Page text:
Why You Should Treat Debt Like An Emergency
Whenever most people talk about their finances, they’re interested in investing in the stock market or real estate. It’s fun and exciting to be an investor. After all, who doesn’t want to have their money making them more money?
But as the legendary college football broadcaster Lee Corso says, “Not so fast, my friend”
The reason to slow down is that when I get to know more about someone’s financial situation, I usually find out that they have debt. Sometimes large amounts of it. And worst of all, often at high interest rates.
To me, folks with heavy amounts of debt, at high interest rates, don’t need to be worrying about investing right now. They have a more pressing emergency on their hands: their debt.
Why is this such a priority for me? Because many people are nonchalant about their debt. It’s been around for so long, and the balance is so large, that they think they’re just going to die with debt. It’ll always be there, so why even worry about getting rid of it?
But that is the wrong attitude to take. I think the better attitude is to treat your debt like an emergency, something to eliminate as quickly as possible.
Because debt not only hurts you financially, limiting your cash flow and depriving you of the ability to save and invest. It also takes a heavy toll on your emotional health, leading to depression, anxiety, and stress.
In other words, debt can lead you to less wealth and worse health. Sounds like a losing combination, and one I hope you’ll avoid.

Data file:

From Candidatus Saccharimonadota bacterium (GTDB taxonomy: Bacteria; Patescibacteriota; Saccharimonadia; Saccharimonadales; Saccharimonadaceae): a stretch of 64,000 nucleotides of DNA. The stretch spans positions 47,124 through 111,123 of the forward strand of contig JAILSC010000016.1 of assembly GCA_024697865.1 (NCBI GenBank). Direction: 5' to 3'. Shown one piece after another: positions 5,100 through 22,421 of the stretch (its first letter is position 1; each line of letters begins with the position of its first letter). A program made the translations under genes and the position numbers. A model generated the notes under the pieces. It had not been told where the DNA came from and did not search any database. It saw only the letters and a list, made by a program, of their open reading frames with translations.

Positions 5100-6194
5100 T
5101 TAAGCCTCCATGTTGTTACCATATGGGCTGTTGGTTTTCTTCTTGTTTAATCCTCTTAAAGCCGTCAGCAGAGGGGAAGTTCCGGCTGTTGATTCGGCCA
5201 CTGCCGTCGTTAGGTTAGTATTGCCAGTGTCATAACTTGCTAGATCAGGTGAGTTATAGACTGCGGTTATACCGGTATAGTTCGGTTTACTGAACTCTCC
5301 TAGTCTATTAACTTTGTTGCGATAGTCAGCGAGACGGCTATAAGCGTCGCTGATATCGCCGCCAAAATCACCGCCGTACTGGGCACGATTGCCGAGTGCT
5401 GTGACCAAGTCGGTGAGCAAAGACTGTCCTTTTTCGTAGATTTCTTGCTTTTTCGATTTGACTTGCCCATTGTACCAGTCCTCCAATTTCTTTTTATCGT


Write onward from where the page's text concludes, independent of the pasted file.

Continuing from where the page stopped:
Just imagine what life would be like without any debt payments. What would you do with the extra money that you’re currently spending on your credit cards, student loans, or car payments?
What would it feel like knowing that you don’t have thousands of dollars of debt hanging over your head? How much less stressed would you be? How much happier would you be?
Yet once you’re on board to treat debt like an emergency and eliminate it quickly, how, exactly, do you get rid of it?
This is a method made famous by Dave Ramsey, a personal finance guru. The debt snowball steps are:
1: List your debts from smallest to largest (but don’t include the mortgage).
2: Make minimum payments on all your debts except the smallest.
3: Pay as much as possible on your smallest debt.
4: Repeat until each debt is paid in full.
I love this approach for its simplicity and for its focus. As I’ve written about before, if you’re having trouble making financial progress, try focusing on one thing at a time.
Using the debt snowball will allow you to focus on one debt at a time, and start making meaningful progress toward eliminating your debts.
So I would really encourage all of you, especially those that have lots of debt at high interest rates, to start treating your debt like it’s an emergency. Get it out of your life as soon as possible. Free up your cash flow and give yourself one less thing to worry about.
It’ll be hard, but well worth it.
If you feel like you can do this on your own, awesome! But if you need help organizing and eliminating your debts, I’d be happy to see if we’re a good fit to work together. You can email me at firstname.lastname@example.org, call me at 424-258-4460, or contact me here.